Want an excuse to skip your workout? You don't have to look very far — Netflix, trivia night at the bar, a birthday party or just the couch. Indeed, one of the biggest reasons people give for not exercising is simply not having enough time. We have stuff to do, and who wants to give up doing something interesting and fun to slog away on the elliptical? But with a little creative thinking, you can do all of the above and still get your workout in at the same time. (OK, maybe not the couch.)
Multitasking has been getting a bad rap lately, but the truth is, it's just a fact of modern life. Many of us listen to audiobooks during our commute or catch up on our shows and laundry at the same time. So perhaps it's time to make our workouts work double duty too.
Got a lot of facts to memorize for an upcoming presentation? Time to retake your driver's test? Doing a workout four hours after you've learned something new can help cement it in your brain, according to a new study published in Cell. The trick is to take a break between your mental workout and your physical one. While that may sound like the opposite of multitasking, it's really like getting a second memory boost free. You don't even have to rehearse the information while you exercise — the exercise alone will improve both your memory and memory traces, helping you retain and remember the facts you learned earlier.
Gentle exercise can make your brain more amenable to soaking up language, according to Finnish researchers. Turn on a language lesson, or simply listen to music in a foreign language, and you can stretch your mind along with your hamstrings.
Bingeing on Netflix while walking or running on the treadmill is a time-honored tradition at this point. But if you're interested in learning something new, then skip the soaps, and turn on a documentary. With Netflix's insanely huge archive of documentaries, you can be sure to find something interesting, educational and entertaining.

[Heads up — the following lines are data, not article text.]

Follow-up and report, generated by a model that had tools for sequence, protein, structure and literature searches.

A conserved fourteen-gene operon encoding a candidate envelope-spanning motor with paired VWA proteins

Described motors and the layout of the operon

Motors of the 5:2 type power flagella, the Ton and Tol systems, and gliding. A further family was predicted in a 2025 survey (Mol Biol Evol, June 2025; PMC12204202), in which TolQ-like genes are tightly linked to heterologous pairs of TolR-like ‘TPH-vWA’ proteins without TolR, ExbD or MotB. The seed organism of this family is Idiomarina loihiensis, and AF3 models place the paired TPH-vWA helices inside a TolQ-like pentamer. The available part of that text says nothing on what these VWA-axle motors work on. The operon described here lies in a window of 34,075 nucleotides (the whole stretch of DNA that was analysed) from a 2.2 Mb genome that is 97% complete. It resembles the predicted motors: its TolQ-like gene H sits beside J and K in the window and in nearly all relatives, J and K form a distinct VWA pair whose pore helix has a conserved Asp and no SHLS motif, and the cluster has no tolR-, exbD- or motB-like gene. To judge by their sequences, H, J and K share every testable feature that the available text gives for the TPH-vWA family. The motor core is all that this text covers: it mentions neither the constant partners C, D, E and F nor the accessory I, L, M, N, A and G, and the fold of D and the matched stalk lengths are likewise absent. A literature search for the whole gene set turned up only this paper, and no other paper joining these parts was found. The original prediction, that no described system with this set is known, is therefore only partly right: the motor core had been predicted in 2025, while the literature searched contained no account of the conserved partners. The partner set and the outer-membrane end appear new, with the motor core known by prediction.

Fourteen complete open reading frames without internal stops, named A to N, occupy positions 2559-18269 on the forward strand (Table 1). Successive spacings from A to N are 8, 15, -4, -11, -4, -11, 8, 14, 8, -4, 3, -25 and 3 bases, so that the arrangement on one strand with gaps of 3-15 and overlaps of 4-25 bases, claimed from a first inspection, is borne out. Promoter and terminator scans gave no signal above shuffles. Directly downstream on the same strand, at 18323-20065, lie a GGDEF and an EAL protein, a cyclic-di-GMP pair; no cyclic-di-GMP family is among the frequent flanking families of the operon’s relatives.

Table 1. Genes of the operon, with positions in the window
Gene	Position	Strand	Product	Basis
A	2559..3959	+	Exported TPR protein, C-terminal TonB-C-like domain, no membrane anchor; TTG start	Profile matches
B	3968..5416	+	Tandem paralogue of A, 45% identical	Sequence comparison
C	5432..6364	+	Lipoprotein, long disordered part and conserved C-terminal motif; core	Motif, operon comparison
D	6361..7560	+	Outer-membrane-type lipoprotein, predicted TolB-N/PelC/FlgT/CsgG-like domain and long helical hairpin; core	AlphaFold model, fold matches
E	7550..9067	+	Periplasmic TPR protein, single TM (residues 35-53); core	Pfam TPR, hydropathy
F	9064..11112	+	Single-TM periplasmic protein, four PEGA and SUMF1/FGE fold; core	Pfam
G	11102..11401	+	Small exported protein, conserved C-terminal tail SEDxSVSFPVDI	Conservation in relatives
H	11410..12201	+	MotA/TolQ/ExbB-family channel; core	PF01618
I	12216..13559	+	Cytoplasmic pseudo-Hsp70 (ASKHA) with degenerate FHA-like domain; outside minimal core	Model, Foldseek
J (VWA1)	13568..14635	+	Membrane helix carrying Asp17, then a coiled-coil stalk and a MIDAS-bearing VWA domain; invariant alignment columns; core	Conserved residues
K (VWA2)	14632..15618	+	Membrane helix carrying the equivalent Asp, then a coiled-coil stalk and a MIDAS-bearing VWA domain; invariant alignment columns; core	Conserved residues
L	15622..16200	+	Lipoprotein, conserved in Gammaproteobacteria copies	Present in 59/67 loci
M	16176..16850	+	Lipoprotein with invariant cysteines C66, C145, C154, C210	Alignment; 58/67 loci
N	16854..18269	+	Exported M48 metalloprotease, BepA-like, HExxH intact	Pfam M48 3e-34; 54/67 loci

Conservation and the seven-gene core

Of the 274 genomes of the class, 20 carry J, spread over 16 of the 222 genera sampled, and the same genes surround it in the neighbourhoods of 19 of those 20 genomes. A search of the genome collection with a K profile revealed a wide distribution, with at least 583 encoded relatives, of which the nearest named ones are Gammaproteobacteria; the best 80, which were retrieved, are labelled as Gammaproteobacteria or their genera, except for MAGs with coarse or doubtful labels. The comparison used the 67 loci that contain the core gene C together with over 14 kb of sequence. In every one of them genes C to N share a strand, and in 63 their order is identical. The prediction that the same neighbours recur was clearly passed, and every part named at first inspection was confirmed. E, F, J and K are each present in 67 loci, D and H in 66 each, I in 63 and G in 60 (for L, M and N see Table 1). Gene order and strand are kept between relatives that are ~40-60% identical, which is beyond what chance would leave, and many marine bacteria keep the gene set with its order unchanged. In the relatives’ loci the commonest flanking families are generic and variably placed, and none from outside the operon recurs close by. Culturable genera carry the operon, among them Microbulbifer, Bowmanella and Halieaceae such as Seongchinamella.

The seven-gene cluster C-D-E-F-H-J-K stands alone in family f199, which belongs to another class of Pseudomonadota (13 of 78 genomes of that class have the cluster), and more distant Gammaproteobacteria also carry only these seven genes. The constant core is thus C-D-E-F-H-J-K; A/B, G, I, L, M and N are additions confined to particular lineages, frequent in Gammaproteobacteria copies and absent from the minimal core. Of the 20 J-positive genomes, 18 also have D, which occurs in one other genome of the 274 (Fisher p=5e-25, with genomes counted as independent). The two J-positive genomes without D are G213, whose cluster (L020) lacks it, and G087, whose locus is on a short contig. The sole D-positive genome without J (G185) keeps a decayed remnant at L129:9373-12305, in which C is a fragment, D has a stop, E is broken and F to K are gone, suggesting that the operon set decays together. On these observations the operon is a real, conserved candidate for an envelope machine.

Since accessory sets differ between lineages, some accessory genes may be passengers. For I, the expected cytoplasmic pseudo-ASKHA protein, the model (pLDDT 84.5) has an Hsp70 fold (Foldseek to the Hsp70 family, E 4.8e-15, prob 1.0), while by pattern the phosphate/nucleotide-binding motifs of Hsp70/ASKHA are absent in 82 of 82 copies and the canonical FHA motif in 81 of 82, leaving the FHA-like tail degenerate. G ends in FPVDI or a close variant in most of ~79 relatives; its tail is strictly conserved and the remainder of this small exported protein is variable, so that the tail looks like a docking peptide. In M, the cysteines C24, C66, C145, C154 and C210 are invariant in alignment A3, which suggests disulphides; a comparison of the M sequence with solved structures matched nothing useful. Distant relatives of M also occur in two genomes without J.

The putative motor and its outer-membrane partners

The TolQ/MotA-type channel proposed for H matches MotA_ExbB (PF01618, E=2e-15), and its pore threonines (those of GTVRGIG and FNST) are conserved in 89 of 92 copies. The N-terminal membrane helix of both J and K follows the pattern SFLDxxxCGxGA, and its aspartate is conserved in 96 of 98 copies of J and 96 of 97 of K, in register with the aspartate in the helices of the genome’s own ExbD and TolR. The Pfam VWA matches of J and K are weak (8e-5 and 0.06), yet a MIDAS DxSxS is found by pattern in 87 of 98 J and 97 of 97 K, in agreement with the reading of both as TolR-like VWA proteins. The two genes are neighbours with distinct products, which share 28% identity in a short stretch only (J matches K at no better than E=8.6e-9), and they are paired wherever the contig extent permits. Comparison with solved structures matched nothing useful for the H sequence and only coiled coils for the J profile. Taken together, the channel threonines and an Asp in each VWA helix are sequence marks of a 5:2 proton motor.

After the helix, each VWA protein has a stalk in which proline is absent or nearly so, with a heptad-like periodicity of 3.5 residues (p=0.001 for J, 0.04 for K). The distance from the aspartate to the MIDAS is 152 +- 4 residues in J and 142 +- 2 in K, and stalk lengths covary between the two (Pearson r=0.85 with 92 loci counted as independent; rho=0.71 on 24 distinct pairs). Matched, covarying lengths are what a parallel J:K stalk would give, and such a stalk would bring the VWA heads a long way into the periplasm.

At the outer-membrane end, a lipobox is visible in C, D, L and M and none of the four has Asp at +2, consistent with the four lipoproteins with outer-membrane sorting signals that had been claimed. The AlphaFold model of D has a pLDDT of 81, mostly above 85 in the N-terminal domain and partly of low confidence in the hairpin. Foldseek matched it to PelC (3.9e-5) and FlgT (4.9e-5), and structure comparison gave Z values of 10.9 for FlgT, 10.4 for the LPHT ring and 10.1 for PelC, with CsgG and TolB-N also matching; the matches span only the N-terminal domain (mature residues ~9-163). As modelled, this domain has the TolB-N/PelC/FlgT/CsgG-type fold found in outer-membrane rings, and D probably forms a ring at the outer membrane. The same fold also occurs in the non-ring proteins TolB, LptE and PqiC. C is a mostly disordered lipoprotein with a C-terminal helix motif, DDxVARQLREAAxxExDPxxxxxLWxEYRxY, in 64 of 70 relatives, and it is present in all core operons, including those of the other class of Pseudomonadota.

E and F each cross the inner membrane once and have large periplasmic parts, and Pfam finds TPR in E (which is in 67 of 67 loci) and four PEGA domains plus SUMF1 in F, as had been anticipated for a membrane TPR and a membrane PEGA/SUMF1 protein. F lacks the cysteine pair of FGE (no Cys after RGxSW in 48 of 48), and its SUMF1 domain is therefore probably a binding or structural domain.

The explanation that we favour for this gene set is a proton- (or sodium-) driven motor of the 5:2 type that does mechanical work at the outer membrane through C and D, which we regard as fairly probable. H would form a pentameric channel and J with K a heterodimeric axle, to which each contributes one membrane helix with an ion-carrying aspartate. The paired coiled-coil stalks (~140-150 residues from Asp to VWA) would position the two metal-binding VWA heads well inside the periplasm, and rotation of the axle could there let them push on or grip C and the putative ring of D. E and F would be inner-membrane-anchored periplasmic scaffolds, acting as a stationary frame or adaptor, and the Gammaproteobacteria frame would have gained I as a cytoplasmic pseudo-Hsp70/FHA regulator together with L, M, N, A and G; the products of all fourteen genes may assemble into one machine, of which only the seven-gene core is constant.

Parties and poles go together like, well, pole dancing. But for your next big girls' night out, try skipping happy hour and instead learning a new physical skill. If pole dancing's not your speed, you can try rock climbing, folk dancing or an aerial silks class. Bonus: Your stories — and snaps on social media — will be way funnier than if you just hit up a restaurant.
Love tours? Love running? Detour is an app that provides location-aware audio tours told by the locals themselves. So as you run through a new city or your hometown, the app will give you a running (ha!) narration about the buildings, landscape and history. You'll get your miles in and get a better appreciation for your surroundings. Plus, exercising outside will help you retain the information better than if you were just sitting and listening, according to a Harvard study.
A lot of us have trouble focusing these days, but one way to teach your brain to snap to attention is to dance. The physical activity helps improve your focus, and practicing choreography can sharpen your working memory, helping you to think faster on your feet, according to a separate Harvard study.
Exercise not only helps you build a sharper memory and retain the information longer, but it can also help you recall it faster when you need it, according to the Cell study. Use this to your advantage by practicing your trivia skills between doing short bursts of exercise. Answer a question, do 10 pushups. Answer another, do five burpees. Your friends will be impressed by both your muscles and your knowledge of obscure 17th century shipwrecks!
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